Theresa May on Sunday insisted the failed "snooper's charter" would be revived as she appeared to be gearing up for a fight with Liberal Democrats. Earlier this month Deputy Prime Minister Nick Clegg blocked the Home Secretary's plans for a communications bill that would have given police and security services access to records of individuals' internet use.
Labour former Home Secretary Alan Johnson said on Sunday he was "absolutely passionately" a supporter of reforms and suggested it was a resigning issue for Theresa May if she could not get the changes into law by 2015. Asked whether she would quit over the matter, May told the BBC's Andrew Marr Show: "I have made my view very clear. We are now working through across the government what action we can take but I'm clear, the law enforcement agencies, the intelligence agencies need access to communications data and that is essential to them doing their job."
The Home Secretary said there was a reference to the plans in the Queen's Speech. She added: "I have always been clear that access to communications data is essential for law enforcement agencies and the intelligence agencies. There is a reducing capability in relation to access to communications data."
Johnson told the programme the need for the law change was not "knee jerk". "I am absolutely with the Home Secretary because I feel very, very absolutely confident that she will be fighting for this. We need to get this on the statute book before the next general election and I think it is absolutely crucial, indeed I think it is a resignation issue for a Home Secretary if the Cabinet do not support her in this central part of what the security services do."
It comes as it emerged the Deputy Prime Minister was warned that blocking the bill could come back to haunt him just days before the murder of soldier Lee Rigby. Liberal Democrat Lord Carlile, who until 2011 was the independent reviewer of government anti-terror laws, said he was "shocked" at Clegg's "political" decision.
Writing in the Mail on Sunday, he said: "The veto was a political decision, not one based on the merits. It was contrary to what are certainly the views of the Home Secretary Theresa May and probably those of the Prime Minister. The security services and the police clearly felt the need for the new law. On May 12, 2013, just a few days before Drummer Rigby's death, as part of an exchange of letters which otherwise I prefer to keep private, I wrote to Mr Clegg, 'Of course, the most important issue about all this is the safety of the public. If it really is the position that you have vetoed the substance of the previously proposed legislation, I fear that this may come to haunt you and the party if any terrorism event occurs which could otherwise have been avoided'.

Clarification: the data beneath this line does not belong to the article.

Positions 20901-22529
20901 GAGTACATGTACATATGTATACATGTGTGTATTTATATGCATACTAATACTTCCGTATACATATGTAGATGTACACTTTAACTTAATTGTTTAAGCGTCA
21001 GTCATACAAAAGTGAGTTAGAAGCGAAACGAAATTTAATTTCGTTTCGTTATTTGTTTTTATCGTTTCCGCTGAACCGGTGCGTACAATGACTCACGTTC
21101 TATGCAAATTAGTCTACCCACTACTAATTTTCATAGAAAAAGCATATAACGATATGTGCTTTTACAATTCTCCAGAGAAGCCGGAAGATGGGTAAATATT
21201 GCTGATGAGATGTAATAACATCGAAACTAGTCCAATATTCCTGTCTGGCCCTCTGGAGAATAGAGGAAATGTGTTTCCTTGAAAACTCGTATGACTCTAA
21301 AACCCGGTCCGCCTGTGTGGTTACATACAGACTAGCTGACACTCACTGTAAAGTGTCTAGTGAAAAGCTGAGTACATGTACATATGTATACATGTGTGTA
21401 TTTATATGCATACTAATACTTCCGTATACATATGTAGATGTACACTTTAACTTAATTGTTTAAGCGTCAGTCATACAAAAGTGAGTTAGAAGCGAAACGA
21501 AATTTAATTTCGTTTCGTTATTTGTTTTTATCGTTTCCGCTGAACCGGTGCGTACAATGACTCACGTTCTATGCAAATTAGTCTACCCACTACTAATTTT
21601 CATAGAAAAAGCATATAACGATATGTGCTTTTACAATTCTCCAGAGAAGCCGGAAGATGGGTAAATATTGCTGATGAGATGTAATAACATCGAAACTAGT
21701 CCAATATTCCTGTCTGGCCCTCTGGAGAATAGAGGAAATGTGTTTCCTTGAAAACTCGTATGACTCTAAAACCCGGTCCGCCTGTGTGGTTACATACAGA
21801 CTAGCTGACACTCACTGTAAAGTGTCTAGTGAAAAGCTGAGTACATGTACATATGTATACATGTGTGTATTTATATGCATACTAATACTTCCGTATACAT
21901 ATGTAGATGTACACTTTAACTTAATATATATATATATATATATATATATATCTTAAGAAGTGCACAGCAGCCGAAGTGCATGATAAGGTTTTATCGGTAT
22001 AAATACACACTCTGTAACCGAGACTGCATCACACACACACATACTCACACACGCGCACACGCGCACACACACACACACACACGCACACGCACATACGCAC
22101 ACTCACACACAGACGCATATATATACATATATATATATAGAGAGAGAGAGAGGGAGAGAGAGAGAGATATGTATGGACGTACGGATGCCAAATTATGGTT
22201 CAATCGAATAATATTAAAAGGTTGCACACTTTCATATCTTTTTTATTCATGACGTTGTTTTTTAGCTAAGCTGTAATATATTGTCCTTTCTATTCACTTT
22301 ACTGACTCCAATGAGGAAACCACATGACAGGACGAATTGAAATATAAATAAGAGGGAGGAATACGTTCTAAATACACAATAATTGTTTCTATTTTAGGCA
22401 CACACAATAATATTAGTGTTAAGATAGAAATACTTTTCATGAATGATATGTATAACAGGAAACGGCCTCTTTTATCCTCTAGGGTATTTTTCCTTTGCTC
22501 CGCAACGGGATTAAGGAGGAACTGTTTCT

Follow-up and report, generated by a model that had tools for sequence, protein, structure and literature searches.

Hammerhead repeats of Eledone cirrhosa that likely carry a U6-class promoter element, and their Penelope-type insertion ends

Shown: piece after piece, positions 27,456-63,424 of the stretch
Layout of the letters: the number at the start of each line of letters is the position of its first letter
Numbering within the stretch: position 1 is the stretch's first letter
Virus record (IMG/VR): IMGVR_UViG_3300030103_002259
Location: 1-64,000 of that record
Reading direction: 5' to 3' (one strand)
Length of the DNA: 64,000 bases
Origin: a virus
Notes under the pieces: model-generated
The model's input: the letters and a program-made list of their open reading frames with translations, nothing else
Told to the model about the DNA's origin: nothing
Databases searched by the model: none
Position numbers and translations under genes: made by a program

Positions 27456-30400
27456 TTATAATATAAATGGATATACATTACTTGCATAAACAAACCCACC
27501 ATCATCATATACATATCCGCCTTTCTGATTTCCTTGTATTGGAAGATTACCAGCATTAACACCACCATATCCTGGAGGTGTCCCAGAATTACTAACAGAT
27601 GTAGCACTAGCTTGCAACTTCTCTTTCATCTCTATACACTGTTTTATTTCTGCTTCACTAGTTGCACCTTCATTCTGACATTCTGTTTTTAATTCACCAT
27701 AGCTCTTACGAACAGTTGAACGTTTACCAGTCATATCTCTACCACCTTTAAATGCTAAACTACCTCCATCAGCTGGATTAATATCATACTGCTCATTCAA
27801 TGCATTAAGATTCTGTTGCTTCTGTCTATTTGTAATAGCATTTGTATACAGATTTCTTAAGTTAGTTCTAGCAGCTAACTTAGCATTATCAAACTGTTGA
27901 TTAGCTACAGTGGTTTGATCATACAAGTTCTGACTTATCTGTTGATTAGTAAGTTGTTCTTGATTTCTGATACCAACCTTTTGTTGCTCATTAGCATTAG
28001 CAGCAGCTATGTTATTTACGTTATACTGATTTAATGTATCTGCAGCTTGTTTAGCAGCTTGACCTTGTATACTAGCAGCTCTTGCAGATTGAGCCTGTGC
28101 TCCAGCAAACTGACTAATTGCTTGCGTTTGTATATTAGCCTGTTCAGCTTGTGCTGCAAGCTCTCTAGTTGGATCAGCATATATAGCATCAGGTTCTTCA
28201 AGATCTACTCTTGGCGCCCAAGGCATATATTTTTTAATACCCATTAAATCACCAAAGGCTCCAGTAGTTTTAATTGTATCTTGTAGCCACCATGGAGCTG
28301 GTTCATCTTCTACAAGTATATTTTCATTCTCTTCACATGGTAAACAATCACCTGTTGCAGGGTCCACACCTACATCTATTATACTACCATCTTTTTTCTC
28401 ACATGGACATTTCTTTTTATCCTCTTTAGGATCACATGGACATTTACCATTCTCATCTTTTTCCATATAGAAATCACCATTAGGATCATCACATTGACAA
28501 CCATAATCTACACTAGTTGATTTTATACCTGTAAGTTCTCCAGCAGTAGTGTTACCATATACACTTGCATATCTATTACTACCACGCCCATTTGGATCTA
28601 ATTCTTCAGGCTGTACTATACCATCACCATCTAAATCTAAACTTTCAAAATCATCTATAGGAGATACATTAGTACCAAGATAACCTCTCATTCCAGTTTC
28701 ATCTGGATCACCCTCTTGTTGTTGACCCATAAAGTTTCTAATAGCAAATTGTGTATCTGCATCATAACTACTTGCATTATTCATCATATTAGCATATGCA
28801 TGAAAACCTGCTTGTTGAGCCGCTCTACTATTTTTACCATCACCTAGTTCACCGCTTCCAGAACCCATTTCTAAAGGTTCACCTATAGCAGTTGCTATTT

He added: "The murder of the soldier is an illustration of exactly what I meant. The response should be immediate and clear. The Communications Data Bill, of course subject to the safeguards and scrutiny already agreed in the last session of Parliament, should be reintroduced during the coming weeks."
Lord Carlile told Murnaghan on Sky News: "We don't know whether if that bill had been enacted two years ago it would have prevented this incident. "What we can certainly say is that it might have done and what we can absolutely say for certain is that if the communications data bill, with the safegaurds that were agreed in the last session of parliament, was introduced then it would be very likely to prevent some attacks of this kind in the future."
He added: "The reason it was vetoed, as Nick Clegg the leader of my party knows very well, was purely political because of demands from inside the Liberal Democrats." Lib Dem deputy leader Simon Hughes said there is "no evidence at all" that the communications bill could have prevent the Woolwich atrocity. He told the programme: "The evidence base isn't as clear as I think he would argue it is."
Emma Carr, deputy director of civil liberties campaign group Big Brother Watch, said: "It is remarkable for politicians to be jumping to legislation to monitor the entire country when all the evidence to date shows this horrific attack would not have been prevented by the communications data bill."
She added: "The draft bill also prohibited the authorities from looking at the content of messages and surely we should expect people under the kind of surveillance possible in this case to be having their messages read? It is the wrong solution and would divert resources from focused surveillance operations at a time when the agencies are already struggling to cope with the volume of information available."
Carr said: "The Government is rightly working to solve the important problem of who is using a specific Internet address, but the draft communications data bill went far too far, as recognised by two parliamentary committees. Last year the British police received more data about Skype use than any other country, including the USA. To suggest the police do not have access to data is simply wrong. Perhaps Lord Carlile should be explaining why he barely mentioned the issue of communications data in his formal reports to Parliament rather than resorting to ill-judged scaremongering."